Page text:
Mercer Investment Consulting has reverted to a ‘buy’ rating for emerging markets assets but remains bearish on the Australian dollar ($A) in its latest dynamic asset allocation (DAA) report. The consultant rated the major asset classes at fair value for Australian investors and took a neutral position in the overall split between growth and defensive assets. According to David Stuart, who heads the Mercer DAA service in Australia, Mercer has liked the structural case for emerging markets for some time but shied away from recommending more tilting in that direction last year because of strong inflows and high asset valuations.
Since then, most markets have subsequently come back considerably, particularly the important growth market of China. “China has been particularly weak,” Stuart said. “It’s clearly in a slowdown phase, but that doesn’t detract from the long-term story.” He said the $A could still rise again to become close to parity with the US dollar, “but we think that in the long-term, in the 80s (80c to $US1) it’s overvalued”. He says that some Mercer clients have been trading the $A, selling in the 90-cent range and buying it in the 80-cent range. “The $A is a risk asset,” he said. “We think you should have an underweight position over time…
The end game for the $A is a year or two away when we’re faced with the prospect of normalising interest rates in the rest of the world.” Mercer currently believes global government bonds are overvalued. The Mercer DAA service offers asset allocation advice over a one-to-three-year time horizon, sitting between tactical asset allocation advice at the shorter end and strategic asset allocation at the longer end. The service, as with similar discrete services offered by the major consulting firms, has become increasingly popular since the onset of the global financial crisis. Stuart pointed out that noone knows how quickly markets will revert back from a level of disequilibrium. The tech bubble of the late 1990s, for instance, took several years to burst. “DAA is a service, not a product,” he said.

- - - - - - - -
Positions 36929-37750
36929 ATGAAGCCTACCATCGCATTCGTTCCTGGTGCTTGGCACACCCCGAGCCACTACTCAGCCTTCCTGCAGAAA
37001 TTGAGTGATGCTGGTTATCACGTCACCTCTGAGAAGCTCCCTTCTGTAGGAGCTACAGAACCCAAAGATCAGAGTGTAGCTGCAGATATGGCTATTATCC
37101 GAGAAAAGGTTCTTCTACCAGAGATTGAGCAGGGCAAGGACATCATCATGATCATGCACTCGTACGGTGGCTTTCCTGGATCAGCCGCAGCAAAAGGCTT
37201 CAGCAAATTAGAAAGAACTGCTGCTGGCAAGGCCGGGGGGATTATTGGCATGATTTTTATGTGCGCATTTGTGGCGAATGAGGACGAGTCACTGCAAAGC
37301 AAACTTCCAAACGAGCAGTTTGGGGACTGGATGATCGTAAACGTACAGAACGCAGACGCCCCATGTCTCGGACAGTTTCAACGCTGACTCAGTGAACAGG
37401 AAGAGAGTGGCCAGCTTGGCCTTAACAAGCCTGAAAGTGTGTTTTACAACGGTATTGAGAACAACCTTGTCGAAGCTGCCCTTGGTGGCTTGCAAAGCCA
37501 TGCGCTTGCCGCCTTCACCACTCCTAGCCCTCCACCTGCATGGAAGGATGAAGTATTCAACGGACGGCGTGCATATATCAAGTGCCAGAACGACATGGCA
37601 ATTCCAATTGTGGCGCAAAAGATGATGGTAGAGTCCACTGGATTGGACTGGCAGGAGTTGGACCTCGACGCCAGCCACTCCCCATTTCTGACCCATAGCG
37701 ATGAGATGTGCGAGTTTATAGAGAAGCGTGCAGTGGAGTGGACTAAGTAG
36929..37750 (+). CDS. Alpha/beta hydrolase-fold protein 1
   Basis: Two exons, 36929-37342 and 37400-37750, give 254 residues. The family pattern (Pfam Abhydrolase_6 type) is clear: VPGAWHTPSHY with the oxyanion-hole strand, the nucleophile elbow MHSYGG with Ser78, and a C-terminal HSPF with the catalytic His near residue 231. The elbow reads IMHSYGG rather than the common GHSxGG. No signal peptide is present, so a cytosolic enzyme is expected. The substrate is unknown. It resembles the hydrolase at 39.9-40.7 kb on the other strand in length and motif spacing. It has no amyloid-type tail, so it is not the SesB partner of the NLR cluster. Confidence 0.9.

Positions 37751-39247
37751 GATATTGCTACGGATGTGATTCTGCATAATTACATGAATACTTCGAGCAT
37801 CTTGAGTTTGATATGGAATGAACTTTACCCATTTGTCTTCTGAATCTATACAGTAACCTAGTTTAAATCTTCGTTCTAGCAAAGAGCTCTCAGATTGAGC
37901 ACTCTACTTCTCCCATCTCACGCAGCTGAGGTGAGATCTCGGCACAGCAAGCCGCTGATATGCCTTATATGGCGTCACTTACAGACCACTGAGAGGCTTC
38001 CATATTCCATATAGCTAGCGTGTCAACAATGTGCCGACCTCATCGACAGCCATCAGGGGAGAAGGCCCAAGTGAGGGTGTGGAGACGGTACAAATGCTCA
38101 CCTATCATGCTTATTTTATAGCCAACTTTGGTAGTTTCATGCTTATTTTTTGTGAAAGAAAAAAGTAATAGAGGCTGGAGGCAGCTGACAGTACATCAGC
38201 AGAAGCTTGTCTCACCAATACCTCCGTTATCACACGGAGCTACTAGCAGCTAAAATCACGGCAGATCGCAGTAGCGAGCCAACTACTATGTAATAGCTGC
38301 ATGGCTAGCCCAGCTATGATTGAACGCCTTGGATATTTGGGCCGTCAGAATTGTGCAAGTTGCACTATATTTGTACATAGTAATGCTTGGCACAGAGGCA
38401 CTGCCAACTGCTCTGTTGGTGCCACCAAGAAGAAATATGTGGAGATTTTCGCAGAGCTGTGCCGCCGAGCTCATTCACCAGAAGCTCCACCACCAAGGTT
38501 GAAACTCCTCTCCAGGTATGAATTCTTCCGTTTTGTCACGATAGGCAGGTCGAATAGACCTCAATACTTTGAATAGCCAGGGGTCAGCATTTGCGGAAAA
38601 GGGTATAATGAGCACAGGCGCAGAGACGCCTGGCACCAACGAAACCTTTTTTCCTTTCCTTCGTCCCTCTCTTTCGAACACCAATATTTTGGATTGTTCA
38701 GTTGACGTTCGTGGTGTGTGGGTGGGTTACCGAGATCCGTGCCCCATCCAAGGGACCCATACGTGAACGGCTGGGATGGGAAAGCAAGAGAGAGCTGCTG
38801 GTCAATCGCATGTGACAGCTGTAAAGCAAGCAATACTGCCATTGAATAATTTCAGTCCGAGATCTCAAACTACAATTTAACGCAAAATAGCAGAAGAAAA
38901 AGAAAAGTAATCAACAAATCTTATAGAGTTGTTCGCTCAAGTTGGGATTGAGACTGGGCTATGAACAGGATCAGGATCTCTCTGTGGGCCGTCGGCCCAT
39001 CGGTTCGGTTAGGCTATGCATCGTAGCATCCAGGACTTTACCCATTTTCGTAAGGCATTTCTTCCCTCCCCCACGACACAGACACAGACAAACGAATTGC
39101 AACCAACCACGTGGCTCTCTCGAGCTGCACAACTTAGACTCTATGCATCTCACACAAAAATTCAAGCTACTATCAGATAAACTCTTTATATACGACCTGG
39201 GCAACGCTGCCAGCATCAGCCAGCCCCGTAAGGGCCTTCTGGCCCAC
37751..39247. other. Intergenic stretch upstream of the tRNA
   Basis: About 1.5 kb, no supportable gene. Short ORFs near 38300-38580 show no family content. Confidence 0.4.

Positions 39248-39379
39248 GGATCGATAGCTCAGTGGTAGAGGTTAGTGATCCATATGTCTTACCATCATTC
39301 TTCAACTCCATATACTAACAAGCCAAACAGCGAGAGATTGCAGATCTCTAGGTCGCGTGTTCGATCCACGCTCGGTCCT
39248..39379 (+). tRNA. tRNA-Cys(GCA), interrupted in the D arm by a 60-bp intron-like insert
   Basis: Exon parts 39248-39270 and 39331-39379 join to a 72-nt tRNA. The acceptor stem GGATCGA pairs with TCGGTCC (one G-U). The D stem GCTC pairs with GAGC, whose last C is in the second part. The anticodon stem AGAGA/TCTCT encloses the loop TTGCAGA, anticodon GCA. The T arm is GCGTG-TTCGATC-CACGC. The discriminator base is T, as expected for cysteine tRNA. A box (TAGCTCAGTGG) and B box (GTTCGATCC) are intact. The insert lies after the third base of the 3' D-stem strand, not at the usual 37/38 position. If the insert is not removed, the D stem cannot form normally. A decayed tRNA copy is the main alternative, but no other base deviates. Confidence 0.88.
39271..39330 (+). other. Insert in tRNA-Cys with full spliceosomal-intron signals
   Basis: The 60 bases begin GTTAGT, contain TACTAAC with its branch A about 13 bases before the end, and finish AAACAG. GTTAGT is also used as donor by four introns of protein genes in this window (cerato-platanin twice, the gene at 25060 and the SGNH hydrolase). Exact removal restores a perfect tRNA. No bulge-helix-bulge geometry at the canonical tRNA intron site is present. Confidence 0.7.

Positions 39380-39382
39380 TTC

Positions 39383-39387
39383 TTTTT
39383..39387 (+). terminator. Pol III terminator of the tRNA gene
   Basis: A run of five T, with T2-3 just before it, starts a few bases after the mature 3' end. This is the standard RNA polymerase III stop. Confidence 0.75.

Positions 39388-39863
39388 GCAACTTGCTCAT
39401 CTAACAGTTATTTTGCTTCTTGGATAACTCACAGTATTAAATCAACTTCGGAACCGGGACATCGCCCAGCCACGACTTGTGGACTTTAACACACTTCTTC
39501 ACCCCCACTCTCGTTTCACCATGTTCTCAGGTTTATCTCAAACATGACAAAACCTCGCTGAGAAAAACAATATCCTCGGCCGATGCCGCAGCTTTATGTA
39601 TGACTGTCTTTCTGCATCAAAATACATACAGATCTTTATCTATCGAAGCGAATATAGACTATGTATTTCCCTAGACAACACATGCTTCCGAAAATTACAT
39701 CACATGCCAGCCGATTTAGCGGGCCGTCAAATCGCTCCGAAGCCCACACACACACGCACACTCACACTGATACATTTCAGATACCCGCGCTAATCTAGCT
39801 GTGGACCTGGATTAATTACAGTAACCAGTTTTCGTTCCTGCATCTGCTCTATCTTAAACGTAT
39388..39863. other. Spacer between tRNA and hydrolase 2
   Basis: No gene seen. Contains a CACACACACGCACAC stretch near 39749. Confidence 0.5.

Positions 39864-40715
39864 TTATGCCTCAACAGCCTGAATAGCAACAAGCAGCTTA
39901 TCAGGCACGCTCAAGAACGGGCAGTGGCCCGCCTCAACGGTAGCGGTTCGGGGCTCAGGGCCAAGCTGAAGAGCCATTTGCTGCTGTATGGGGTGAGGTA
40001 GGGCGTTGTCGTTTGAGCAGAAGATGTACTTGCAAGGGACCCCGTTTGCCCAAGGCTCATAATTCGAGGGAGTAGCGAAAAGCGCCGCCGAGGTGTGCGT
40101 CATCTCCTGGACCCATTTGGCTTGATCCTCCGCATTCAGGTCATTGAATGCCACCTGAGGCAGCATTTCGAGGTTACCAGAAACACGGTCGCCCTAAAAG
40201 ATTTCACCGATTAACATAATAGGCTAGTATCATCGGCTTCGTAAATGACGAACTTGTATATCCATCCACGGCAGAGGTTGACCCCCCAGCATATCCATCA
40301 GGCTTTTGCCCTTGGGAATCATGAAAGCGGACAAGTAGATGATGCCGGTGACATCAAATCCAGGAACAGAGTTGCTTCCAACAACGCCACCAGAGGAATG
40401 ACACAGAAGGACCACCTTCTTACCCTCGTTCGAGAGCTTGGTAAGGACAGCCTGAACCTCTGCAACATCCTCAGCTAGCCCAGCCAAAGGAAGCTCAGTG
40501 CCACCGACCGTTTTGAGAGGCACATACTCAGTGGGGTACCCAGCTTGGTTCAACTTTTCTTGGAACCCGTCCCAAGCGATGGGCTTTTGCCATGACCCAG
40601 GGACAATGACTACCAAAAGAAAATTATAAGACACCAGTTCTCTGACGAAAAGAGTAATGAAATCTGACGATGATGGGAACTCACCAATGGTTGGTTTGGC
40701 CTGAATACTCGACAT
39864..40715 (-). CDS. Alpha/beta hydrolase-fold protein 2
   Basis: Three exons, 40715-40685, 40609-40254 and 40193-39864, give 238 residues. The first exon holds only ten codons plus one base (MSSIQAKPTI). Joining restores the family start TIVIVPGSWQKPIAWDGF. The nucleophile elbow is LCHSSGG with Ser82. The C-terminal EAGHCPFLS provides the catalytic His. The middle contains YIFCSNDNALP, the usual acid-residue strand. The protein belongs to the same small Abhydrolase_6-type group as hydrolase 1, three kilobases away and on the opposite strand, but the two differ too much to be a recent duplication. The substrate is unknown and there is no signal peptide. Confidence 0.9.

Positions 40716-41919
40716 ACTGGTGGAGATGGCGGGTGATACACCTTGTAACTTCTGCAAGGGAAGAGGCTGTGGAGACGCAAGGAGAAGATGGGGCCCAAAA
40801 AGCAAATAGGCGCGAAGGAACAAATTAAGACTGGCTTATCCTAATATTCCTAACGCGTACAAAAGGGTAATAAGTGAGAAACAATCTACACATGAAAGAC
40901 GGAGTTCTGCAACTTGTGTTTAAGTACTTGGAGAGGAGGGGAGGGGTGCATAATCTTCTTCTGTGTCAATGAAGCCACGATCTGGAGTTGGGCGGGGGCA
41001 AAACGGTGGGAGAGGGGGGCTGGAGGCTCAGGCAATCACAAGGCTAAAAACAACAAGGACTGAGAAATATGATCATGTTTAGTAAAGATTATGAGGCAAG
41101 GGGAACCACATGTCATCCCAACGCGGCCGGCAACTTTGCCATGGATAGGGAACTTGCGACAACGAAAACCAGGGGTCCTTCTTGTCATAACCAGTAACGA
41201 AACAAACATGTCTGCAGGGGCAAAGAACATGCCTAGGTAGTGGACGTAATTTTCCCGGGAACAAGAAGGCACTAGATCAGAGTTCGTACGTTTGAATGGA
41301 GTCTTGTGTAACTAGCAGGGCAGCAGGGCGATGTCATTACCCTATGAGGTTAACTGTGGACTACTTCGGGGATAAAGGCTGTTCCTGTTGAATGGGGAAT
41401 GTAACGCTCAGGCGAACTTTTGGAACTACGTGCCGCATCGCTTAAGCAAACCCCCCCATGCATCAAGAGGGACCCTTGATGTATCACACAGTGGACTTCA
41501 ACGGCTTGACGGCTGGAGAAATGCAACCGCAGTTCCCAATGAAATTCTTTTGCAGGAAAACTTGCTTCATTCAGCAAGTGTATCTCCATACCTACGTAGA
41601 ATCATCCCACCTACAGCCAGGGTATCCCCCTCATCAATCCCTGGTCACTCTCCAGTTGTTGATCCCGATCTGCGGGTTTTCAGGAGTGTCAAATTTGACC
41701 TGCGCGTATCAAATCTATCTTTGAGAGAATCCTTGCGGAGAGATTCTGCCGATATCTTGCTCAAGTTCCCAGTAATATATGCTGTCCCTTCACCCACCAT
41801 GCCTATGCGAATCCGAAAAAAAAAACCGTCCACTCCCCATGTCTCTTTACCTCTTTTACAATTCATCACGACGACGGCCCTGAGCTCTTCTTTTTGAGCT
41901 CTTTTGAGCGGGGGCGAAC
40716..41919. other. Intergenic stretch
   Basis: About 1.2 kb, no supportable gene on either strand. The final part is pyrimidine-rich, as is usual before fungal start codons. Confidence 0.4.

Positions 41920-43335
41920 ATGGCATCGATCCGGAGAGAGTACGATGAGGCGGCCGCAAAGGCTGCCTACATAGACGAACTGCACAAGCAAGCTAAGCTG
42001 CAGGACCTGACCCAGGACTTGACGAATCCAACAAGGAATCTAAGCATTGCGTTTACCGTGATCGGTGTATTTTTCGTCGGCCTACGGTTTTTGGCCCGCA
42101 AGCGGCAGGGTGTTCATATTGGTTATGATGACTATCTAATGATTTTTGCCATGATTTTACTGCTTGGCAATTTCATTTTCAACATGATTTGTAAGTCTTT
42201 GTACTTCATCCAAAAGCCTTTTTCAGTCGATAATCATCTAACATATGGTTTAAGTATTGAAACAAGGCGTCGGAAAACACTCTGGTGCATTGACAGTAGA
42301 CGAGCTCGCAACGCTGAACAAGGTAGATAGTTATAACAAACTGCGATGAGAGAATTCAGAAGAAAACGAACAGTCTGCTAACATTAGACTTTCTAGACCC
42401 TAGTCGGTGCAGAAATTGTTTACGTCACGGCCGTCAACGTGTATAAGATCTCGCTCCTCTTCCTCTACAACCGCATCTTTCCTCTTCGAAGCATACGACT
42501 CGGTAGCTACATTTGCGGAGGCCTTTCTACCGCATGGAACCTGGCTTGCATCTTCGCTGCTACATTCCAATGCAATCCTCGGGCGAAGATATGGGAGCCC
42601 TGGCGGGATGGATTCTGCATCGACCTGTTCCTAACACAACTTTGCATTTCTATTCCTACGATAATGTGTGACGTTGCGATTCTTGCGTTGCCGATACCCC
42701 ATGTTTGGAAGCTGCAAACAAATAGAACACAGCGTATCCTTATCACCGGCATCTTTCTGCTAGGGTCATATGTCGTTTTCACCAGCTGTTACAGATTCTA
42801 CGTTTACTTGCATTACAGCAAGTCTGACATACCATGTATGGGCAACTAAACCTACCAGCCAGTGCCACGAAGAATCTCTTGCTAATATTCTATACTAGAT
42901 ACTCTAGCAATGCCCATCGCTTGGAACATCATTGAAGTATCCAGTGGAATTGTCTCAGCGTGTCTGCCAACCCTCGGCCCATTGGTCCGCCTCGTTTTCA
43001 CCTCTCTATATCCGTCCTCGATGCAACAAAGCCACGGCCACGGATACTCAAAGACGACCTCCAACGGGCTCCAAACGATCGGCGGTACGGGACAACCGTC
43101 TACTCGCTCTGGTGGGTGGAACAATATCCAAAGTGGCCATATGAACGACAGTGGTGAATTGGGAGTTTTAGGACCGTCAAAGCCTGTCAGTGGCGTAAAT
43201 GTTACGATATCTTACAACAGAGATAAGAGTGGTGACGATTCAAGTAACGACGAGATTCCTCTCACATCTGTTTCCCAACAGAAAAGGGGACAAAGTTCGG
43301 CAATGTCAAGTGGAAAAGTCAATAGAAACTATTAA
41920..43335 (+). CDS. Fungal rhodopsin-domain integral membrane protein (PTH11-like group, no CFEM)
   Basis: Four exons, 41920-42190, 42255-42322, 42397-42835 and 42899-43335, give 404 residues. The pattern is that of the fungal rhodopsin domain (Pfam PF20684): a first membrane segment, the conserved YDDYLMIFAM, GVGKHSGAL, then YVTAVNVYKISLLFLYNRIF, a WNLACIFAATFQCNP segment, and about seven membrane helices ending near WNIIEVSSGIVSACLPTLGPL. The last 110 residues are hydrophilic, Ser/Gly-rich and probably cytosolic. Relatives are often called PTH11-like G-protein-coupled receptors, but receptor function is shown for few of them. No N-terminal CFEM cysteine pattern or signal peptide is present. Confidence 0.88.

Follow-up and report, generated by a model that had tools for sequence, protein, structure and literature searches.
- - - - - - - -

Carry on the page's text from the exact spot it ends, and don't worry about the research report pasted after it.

“We’re advising clients to help them make their own decisions. Most of them moved back into equities by early last year and benefitted from the market recovery.” On the big picture decision of the mix between growth and defensive assets, the Mercer report states: “In the absence of a doubledip recession or deflationary environment, valuation parameters for global equities arguably have improved as markets have weakened, with earnings forecasts maintained or even increased despite the macroeconomic issues. If these forecasts are met, equities would appear cheap relative to history on either a simple P/E measure or relative to bonds.